May 22, 2013

2.1.5 Qualitative vs. Quantitative Risks


Qualitative Vs. Quantitative Risks

Risk is the potential that a specific action (or lack of action) will lead to a loss, where “loss” is an undesirable outcome.

In information security risk is defined as "the potential that a given threat will exploit vulnerabilities of an asset or group of assets and thereby cause harm to the organization".1

In the book, Security Risk Management Body of Knowledge, Julian Talbot posits that, “A security risk is any event that could result in the compromise of organizational assets, the unauthorized use, loss, damage, disclosure or modification of organizational assets for the profit, personal interest or political interests of individuals, groups or other entities constitutes a compromise of the asset, and includes the risk of harm to people.”

Risk = Threat × Vulnerability

Risk management is the process of identifying and reducing risk to a level that is comfortable and then implementing controls to maintain that level.

Risk analysis identifies risks, estimates the effect of potential threats, and identifies ways to reduce the risk without the cost of the prevention outweighing the risk.2

Risk is present in any system; however risk management should be commensurate with the risk. The two general approaches for risk assessment are quantitative and qualitative risk assessment.

Qualitative Risk Assessment

In the qualitative risk assessment, the probability of a risk and the impact the risk can have on the system is identified and assigned values. Qualitative risk assessment assigns ranges and probabilities as it is difficult to place an exact value on many types of risks. The goal of qualitative risk assessment is to get a general basic idea as opposed to standard results. Qualitative risk assessment uses both tangible and intangible factors in determining risks.

Intangible factors include harm to the company brand.

Users increasingly are demanding data driven results. Perhaps I should say, where the penalties of risk are significant, particularly where safety, lawsuits or reputation is at stake, organizations are increasingly demanding data driven results.

Qualitative risks generally depend on the perspective of the person who is making the evaluation as such they are more difficult to measure. Risk is assigned through a variety of quasi-quantitative methods such as surveys, probabilities and focus groups. Since the values are subjectively assigned, the result is a qualitative measure.

Quantitative Risk Assessment

Quantitative risk assessment measures risk, taking into account the probability of an incident occurring and the likely loss or cost of that event, using exact monetary values, as much as possible .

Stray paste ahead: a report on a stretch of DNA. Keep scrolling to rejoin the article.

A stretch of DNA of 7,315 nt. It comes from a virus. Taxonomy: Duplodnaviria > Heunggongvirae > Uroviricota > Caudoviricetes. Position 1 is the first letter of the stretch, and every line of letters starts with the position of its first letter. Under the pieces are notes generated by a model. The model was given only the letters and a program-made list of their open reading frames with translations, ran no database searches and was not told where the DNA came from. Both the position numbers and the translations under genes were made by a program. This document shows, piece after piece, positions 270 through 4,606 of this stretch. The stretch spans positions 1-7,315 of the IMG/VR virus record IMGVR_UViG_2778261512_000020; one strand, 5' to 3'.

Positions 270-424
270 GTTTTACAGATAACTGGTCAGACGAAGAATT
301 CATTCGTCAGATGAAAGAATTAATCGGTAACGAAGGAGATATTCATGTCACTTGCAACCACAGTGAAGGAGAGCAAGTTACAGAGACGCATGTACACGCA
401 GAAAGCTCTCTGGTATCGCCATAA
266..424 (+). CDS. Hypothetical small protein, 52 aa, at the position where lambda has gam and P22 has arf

The resulting value is called the Annual Loss Expectancy (ALE)

Qualitative risks are opinion-based and subjective. Quantitative risks are cost-based and objective.

Plans need to be made in order to test and to audit existing procedures with quantitative means as much as possible.  In this scenario it is necessary to be able to think like a hacker.  Imagine the structure of your network and try to find out the locations where a hacker might enter.
  1. What are the most common entrance points with current hacking innovation?  Check out hacker blogs and gatherings.  Determine which locations are vulnerable based on your research.  Consider additional tools available on the market to help with these vulnerabilities.  For example add additional switches, hubs and routers to help with data control and management.
  2. Create an audit form and audit your network periodically, e.g. twice a year.  Monitor current parameters on firewalls including your password policy. Do you require strong passwords, particular on critical or highly connected subsystem? It is good practice to keep your users informed and educated. Educated users are more likely to buy into your security policies.
  3. Present the adverse effects of successful attacks and the benefits of good risk management to your users. The benefits could be cost savings, availability, and community appeal. Find out what will motivate the users and use that to drive home the point. What happens if an IT security control fails? What happens if the company exposes customer financial data to hackers or the company is hit with a crippling malware attack. Deploy common sense remediation methodologies. Do all this in an effort to get user buy in.

References:

  1. ISO/IEC 27005:2008
  2. CompTIA® Security+™ SY0-301 Exam Cram, Third Edition
  3. Talbot, Julian, and Miles Jakeman. Security Risk Management Body of Knowledge. Hoboken: John Wiley & Sons, 2009. Print.

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